68 of 71 people found the following review helpful
Sublime spiritual chorals,
Verified Purchase(What is this?)
This review is from: Renaissance - Music for Inner Peace (Audio CD)
The excellence of the Sixteen combined with an exquisite selection of religious chorals apparently by their able conductor Harry Christophers render this compilation a true gem. The title of the disc namely 'Renaissance' is somewhat misleading. The disc comprise sixteen compositions conveniently falling in two clusters:eleven were written in the 16th and 17th centuries that is indeed in Renaissance and the Baroque while five were created in the twentieth century.
The disc commences with the sublime composition 'Miserere' by Allegri which at nearly 12 minutes is the longest of the lot. This serves in addition as an example of prodigal musical memory cited in the liner note but my quotation is from Philip Ball's book 'The Music Instinct' published this year:'At the age of fourteen, Mozart is said to have written down from memory the entire score of the choral 'Miserere' of Gregorio Allegri after hearing it once in the Sistine Chapel (he made some minor corrections after a second hearing two days later). Although the papacy had forbidden any transcription of the 'Miserere', Pope Clement XIV was so impressed by the young lad's genius that he gave him knighthood.'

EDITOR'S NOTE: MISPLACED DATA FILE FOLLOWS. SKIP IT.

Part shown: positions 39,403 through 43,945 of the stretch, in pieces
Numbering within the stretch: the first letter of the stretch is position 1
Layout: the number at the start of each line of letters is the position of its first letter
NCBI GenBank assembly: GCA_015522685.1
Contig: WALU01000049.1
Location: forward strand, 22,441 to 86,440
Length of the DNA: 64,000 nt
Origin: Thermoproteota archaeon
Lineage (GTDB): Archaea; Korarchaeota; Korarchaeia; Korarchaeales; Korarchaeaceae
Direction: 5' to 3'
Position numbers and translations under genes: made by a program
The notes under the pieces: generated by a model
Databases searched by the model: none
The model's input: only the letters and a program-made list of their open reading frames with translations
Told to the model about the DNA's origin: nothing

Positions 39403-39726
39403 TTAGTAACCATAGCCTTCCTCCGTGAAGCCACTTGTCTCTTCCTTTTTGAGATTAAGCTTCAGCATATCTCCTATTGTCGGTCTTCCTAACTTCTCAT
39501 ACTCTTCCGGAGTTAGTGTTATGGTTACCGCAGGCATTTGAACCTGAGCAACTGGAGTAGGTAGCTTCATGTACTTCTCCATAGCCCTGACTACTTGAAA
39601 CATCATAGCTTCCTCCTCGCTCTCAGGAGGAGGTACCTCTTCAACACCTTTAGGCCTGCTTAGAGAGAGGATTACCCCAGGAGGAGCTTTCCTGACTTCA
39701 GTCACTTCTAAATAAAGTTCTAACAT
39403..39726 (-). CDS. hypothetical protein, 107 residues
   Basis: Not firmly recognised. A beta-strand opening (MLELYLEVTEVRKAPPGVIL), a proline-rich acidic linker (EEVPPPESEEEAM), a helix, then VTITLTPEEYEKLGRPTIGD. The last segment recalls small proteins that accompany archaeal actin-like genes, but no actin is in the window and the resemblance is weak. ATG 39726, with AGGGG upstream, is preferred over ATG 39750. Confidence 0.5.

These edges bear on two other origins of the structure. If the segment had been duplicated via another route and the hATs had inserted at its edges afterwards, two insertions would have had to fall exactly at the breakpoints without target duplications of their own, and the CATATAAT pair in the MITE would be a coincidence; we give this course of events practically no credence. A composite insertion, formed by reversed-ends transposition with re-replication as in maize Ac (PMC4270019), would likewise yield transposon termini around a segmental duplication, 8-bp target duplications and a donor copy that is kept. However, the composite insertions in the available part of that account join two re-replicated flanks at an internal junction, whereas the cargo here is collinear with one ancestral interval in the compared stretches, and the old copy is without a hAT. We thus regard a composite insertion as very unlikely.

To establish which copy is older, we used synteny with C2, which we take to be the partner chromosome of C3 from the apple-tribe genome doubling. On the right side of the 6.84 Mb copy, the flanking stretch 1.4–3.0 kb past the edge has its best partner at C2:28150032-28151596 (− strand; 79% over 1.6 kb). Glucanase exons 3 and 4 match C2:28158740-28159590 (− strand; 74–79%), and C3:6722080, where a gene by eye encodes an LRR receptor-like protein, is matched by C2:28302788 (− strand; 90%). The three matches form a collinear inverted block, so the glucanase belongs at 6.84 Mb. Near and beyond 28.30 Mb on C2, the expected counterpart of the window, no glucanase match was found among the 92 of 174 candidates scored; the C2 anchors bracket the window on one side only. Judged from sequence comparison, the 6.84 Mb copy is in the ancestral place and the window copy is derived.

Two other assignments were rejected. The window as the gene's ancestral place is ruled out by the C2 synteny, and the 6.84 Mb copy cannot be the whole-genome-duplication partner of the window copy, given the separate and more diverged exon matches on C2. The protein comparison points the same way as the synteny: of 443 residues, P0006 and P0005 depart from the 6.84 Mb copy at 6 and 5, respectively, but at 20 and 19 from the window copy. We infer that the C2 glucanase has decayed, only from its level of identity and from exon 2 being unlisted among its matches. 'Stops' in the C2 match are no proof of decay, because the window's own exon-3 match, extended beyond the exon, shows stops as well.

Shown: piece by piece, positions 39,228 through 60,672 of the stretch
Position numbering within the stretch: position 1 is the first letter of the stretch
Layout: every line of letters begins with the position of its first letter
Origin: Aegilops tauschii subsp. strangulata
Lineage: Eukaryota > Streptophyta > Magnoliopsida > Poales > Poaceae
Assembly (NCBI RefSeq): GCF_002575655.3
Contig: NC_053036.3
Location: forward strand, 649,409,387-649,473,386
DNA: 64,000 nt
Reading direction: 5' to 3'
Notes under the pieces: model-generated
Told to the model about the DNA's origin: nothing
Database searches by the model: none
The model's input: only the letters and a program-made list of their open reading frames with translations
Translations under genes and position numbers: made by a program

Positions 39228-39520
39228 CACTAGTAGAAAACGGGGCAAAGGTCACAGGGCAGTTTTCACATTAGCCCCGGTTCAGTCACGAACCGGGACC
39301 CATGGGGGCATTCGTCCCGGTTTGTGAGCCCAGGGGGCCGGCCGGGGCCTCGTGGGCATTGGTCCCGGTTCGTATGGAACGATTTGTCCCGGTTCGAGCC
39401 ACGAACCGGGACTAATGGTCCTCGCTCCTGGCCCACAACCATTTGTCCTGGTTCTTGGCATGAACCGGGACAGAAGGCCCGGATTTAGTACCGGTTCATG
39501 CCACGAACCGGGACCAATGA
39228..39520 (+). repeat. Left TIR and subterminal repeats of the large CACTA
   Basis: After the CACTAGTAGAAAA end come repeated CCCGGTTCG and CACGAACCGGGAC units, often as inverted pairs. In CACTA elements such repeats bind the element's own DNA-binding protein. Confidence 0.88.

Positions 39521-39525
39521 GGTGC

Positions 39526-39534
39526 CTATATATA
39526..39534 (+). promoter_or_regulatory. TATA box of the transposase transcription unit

Harry Christophers whose commentary appears in many pieces in the liner note, writes on the expressive power of the human voice in the compilation:'Here we have the opportunity to explore that expressive range in choral music taking us from the simplicity of the plaisong line to works in 4 to 14 parts which touch the heart of our emotions, whether in prayer, hope or exultant praise. All reflect the architecture of Europe's greatest cathedrals and Chapels, be it the vast nave of Canterbury or Seville, the golden domes of St Mark's Venice or Michelangelo's frescoes in the Sistine Chapel.'
Composers in the first cluster include in addition to Allegri, Lotti, Monteverdi and Palestrina and the English composers Byrd and Tallis while in the second cluster the American composer Samuel Barber and the British composer John Tavener.
Sort: Oldest first | Newest first
Showing 1-1 of 1 posts in this discussion
Initial post: 21 Sep 2010 10:24:42 BDT
J. P. Freeman says:
Gives a good idea of what to expect.
‹ Previous 1 Next ›